Women who have a BRCA1 gene mutation have a high risk of developing breast and ovarian cancer during their lifetime. Learn more about these risks.

Women who have a BRCA1 gene mutation have a high risk of developing breast and ovarian cancer during their lifetime. This page explains more about these risks. It should be read with our general information about BRCA.

If you have a BRCA1 mutation, it is important to talk to your genetics specialist about your cancer risk. They will explain the numbers below in more detail. Your risk may be affected by:

  • your age
  • the type of BRCA1 gene mutation you have
  • your family history of cancer.

It can be difficult to understand risk statistics and what they mean for you. You may find it helpful to print a copy of this page and take it with you to talk about it with your genetics specialist.

Lifetime risk of breast cancer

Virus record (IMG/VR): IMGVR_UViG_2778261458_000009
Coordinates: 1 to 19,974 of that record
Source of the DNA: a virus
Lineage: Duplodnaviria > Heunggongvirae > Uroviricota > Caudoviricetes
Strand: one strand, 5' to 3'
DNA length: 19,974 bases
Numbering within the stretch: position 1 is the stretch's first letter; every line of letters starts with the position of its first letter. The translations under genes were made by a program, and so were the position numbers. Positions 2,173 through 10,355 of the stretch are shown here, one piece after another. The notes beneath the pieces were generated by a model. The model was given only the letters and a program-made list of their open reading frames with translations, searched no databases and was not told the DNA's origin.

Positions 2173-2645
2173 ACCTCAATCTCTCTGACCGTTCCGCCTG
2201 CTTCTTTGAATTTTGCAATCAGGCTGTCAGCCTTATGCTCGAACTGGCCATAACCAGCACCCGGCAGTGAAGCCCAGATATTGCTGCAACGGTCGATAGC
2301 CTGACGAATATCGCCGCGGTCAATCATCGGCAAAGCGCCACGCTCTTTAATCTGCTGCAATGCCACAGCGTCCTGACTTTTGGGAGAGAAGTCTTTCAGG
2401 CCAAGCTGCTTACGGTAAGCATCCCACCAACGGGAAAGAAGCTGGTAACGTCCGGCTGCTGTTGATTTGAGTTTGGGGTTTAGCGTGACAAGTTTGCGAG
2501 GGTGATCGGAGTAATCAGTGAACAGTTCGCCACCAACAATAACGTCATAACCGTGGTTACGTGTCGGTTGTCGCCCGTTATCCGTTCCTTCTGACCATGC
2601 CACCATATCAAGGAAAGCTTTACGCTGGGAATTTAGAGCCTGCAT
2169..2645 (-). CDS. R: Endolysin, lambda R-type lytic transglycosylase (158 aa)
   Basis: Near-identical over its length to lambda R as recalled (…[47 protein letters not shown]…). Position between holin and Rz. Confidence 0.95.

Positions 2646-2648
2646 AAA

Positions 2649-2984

Of 100 women in the general population, 12 or 13 of them will develop breast cancer before the age of 80.

Women in general population – breast cancer

The risk is higher if you have a BRCA1 mutation. Of 100 women with a BRCA1 mutation, 65 to 79 of them will develop breast cancer before the age of 80.

Women with BRCA1 mutation – breast cancer



Lifetime risk of ovarian cancer

Of 100 women in the general population, less than 2 of them will develop ovarian cancer before the age of 80.

Women in general population – ovarian cancer

The risk is higher if you have a BRCA1 mutation. Of 100 women with a BRCA1 mutation, 36 to 53 of them will develop ovarian cancer before the age of 80.

The image shows a horizontal bar. This represents 100 women with a BRCA1 mutation. Just over half of the bar is shaded green. This represents 36 to 53 women who develop ovarian cancer before the age of 80. The rest of the bar is shaded grey. This represents 47 women who do not develop ovarian cancer.